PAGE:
I’m not much of a reader, so my mom would be shocked that this one made my list. But two books that I think are really educational and motivational for anyone wanting to start their own business: Steve Jobs (by Walter Isaacason) and ReWork (by Fried and Hansson). Seriously, read these books. There are plenty of other good reads, I’m sure. But these are the two at the top of my list.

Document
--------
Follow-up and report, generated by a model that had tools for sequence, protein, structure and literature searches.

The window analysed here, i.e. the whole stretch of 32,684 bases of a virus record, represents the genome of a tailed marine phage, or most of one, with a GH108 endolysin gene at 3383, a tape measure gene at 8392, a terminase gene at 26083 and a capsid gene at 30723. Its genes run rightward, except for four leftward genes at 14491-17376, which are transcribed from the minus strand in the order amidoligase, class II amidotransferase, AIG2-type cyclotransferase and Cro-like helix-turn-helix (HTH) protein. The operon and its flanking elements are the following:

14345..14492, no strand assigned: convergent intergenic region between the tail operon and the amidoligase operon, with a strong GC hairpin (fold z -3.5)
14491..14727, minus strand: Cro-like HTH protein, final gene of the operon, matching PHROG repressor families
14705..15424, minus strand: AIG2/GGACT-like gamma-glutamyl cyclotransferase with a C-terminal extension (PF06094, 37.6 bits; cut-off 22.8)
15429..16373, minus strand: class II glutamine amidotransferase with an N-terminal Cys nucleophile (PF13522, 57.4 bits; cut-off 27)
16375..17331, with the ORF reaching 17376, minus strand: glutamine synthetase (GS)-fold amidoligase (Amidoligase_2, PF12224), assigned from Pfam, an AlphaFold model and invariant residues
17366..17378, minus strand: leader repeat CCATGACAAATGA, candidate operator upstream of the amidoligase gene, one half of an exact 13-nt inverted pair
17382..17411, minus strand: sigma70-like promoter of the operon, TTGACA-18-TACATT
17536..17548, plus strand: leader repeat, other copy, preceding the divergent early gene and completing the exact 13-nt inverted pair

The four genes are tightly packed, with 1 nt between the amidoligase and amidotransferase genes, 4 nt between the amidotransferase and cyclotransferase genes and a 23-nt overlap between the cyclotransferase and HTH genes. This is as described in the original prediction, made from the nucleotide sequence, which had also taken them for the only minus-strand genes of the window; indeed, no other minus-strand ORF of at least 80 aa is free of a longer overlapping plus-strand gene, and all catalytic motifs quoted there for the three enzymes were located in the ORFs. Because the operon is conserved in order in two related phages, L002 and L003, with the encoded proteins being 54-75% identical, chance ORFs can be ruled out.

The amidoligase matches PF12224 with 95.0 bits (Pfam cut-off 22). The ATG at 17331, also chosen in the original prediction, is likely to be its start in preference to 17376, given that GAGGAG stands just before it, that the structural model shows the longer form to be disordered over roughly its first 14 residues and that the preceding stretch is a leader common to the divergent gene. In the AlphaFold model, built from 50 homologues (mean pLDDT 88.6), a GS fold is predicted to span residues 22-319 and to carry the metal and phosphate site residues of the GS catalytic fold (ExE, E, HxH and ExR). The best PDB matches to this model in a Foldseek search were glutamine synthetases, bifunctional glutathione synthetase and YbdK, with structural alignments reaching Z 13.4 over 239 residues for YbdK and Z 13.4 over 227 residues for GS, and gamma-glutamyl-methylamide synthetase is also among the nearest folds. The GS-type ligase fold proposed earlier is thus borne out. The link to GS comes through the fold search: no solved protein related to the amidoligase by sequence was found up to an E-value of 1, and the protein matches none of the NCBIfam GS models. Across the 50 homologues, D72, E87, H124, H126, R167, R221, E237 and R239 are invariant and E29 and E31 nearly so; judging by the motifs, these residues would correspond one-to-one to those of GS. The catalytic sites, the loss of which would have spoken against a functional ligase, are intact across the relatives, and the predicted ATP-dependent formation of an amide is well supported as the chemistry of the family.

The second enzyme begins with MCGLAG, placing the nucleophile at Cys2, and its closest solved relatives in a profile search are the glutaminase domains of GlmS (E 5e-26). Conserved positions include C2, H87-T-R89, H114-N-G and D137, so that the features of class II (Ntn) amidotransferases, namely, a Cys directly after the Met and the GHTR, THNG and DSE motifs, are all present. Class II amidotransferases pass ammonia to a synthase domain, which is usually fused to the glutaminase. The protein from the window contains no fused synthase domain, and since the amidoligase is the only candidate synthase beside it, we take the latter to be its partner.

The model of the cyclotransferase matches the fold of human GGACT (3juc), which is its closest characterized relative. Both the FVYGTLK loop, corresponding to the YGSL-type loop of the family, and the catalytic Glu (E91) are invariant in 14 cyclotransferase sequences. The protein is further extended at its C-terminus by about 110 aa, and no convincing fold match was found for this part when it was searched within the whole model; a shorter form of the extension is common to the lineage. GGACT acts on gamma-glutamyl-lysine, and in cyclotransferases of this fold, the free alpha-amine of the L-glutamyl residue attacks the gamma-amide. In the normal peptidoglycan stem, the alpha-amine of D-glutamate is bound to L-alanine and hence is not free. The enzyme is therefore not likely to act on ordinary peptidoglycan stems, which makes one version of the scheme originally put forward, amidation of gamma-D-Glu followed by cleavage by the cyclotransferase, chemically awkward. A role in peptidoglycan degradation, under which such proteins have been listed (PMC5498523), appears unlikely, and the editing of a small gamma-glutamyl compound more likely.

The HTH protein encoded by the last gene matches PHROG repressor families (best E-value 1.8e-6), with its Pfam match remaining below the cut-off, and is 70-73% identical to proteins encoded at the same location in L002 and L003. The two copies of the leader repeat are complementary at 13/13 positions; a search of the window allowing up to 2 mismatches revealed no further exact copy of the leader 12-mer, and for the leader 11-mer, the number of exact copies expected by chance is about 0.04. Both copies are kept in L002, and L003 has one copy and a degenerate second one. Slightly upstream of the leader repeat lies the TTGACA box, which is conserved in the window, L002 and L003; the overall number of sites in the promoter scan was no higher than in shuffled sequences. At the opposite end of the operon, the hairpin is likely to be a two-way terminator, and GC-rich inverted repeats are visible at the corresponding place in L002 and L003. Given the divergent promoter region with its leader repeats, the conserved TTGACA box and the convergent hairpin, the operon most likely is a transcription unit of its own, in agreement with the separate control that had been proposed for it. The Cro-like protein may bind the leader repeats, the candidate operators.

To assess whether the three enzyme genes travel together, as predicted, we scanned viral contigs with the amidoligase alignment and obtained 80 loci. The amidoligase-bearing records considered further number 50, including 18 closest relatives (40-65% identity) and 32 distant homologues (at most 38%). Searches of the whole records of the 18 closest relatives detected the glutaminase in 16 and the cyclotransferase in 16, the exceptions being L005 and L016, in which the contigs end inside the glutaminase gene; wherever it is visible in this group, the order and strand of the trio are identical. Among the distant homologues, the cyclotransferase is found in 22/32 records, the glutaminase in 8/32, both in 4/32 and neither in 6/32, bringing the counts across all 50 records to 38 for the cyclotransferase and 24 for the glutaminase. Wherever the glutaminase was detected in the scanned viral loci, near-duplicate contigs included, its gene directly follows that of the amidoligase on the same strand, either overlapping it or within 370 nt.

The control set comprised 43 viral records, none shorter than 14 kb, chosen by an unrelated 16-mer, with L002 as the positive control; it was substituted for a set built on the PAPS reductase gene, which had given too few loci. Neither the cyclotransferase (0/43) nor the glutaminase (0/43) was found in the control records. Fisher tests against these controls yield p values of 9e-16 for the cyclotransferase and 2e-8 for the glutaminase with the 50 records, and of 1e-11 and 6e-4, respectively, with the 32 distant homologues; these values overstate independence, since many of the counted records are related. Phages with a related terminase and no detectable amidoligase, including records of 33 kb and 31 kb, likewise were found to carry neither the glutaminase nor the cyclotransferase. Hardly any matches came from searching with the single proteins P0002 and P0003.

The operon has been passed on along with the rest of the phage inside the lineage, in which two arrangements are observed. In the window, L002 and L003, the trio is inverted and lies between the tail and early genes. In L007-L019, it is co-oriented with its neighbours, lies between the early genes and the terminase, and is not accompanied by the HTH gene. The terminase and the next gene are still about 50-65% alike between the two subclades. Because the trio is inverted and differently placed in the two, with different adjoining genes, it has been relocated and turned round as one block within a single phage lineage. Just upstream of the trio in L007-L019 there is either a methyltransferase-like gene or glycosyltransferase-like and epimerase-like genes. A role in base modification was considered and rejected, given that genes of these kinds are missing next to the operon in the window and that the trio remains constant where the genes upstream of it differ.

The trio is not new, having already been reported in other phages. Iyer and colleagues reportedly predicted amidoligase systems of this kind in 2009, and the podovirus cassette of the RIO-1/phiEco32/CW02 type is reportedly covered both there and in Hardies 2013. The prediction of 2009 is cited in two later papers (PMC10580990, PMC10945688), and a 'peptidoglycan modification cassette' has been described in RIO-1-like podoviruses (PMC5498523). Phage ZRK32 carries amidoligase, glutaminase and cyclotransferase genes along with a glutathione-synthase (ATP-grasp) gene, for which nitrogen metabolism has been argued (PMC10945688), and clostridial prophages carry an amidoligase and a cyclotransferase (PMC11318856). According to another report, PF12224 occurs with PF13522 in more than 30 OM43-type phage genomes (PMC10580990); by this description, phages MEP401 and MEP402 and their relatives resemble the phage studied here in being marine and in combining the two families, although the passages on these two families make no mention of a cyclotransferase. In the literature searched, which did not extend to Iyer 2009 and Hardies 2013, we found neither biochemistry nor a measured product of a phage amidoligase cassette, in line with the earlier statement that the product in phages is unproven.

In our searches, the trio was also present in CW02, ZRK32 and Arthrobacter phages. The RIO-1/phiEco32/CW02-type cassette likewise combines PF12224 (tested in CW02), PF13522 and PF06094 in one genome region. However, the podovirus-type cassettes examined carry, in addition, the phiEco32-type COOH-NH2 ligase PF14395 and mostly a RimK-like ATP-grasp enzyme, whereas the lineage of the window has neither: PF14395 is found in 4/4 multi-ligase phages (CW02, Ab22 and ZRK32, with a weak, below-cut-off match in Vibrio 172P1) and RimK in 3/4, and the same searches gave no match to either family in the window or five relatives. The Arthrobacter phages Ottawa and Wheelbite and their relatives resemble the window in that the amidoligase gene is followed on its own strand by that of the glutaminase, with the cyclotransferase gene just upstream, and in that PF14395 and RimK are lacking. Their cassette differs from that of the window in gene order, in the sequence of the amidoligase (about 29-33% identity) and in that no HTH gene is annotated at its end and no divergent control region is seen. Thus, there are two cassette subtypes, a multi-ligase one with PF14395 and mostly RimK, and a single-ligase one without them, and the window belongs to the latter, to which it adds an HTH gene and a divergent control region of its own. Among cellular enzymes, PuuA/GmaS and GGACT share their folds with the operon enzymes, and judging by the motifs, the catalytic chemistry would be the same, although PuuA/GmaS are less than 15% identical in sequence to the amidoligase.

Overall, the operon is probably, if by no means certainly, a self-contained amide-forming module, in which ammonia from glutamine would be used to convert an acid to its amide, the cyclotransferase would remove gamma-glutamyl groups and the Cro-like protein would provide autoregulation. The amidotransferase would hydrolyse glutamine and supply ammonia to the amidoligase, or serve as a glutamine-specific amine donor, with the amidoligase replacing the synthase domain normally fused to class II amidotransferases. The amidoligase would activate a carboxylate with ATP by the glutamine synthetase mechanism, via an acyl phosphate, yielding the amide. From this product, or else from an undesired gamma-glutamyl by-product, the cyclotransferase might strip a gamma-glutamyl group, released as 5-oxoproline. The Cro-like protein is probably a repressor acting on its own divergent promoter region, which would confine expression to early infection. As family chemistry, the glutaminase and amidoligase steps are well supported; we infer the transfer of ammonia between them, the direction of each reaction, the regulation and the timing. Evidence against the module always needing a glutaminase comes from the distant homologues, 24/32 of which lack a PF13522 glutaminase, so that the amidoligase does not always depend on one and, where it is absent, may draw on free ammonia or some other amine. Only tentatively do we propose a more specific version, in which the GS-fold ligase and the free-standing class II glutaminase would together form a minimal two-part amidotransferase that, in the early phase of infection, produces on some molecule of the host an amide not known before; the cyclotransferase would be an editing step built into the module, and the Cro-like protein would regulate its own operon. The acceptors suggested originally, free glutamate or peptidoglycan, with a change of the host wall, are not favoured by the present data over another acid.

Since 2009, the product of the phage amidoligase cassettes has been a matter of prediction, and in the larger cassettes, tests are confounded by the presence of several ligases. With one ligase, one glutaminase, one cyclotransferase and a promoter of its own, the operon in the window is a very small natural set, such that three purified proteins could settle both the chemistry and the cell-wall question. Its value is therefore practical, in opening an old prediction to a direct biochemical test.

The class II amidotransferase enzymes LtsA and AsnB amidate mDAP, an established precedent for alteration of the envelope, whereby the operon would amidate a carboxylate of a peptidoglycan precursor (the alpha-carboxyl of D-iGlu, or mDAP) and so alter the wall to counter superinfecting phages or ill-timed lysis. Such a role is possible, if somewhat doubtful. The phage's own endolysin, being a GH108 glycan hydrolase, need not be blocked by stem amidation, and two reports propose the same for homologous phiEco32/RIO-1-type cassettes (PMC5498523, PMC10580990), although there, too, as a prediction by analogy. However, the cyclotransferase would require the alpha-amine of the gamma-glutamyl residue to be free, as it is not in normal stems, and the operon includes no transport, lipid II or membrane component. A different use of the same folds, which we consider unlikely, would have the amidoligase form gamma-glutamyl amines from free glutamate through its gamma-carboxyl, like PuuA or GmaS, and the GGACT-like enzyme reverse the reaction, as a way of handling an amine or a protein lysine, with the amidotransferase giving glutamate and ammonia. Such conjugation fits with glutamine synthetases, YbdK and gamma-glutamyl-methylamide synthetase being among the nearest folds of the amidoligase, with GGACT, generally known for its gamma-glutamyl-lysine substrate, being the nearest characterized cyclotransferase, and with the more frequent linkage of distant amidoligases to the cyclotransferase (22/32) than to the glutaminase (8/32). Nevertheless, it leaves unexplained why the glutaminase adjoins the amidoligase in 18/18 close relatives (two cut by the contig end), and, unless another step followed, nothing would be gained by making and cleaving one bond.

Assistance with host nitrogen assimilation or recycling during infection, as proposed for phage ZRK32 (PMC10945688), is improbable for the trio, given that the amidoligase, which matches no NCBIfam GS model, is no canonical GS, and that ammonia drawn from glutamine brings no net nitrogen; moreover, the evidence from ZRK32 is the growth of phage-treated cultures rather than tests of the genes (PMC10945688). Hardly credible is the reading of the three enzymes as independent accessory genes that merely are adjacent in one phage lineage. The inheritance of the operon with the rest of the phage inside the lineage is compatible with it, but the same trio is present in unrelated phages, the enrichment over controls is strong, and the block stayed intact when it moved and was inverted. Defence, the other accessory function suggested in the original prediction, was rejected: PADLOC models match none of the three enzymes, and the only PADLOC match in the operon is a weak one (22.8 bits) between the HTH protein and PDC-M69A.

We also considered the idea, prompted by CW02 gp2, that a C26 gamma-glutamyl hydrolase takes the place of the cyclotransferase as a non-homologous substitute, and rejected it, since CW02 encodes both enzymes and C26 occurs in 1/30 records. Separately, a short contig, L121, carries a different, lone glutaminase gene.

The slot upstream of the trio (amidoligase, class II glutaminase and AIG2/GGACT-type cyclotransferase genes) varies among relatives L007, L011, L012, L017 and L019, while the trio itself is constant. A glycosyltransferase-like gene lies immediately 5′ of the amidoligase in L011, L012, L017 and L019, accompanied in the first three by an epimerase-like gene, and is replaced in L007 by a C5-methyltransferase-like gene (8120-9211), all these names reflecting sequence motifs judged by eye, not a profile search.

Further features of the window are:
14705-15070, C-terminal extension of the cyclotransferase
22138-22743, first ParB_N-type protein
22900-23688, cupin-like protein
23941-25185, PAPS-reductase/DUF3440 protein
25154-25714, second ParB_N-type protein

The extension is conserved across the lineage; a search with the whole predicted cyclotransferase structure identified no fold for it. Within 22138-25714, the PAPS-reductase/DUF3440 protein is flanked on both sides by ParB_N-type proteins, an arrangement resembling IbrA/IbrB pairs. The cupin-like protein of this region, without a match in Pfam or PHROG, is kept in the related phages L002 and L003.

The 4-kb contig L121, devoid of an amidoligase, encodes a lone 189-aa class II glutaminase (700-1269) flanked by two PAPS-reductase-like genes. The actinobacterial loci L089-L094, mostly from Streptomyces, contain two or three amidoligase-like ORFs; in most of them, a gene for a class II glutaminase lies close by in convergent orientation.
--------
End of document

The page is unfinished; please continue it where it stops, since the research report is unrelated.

This list could be 100 points long. There are so many tidbits that present-Brent would like to impart upon then-Brent. So many things I’ve learned along the way that would have made life easier. If you’re for real—you have an idea or product and you fully intend to make a real run at it, I’d love to chat with you. I’d be happy to offer up my $.02, for whatever they’re worth—to help make things a bit easier for you so that you don’t have to learn every lesson the hard way. Feel free to drop me a line. Either way, best of luck with your venture!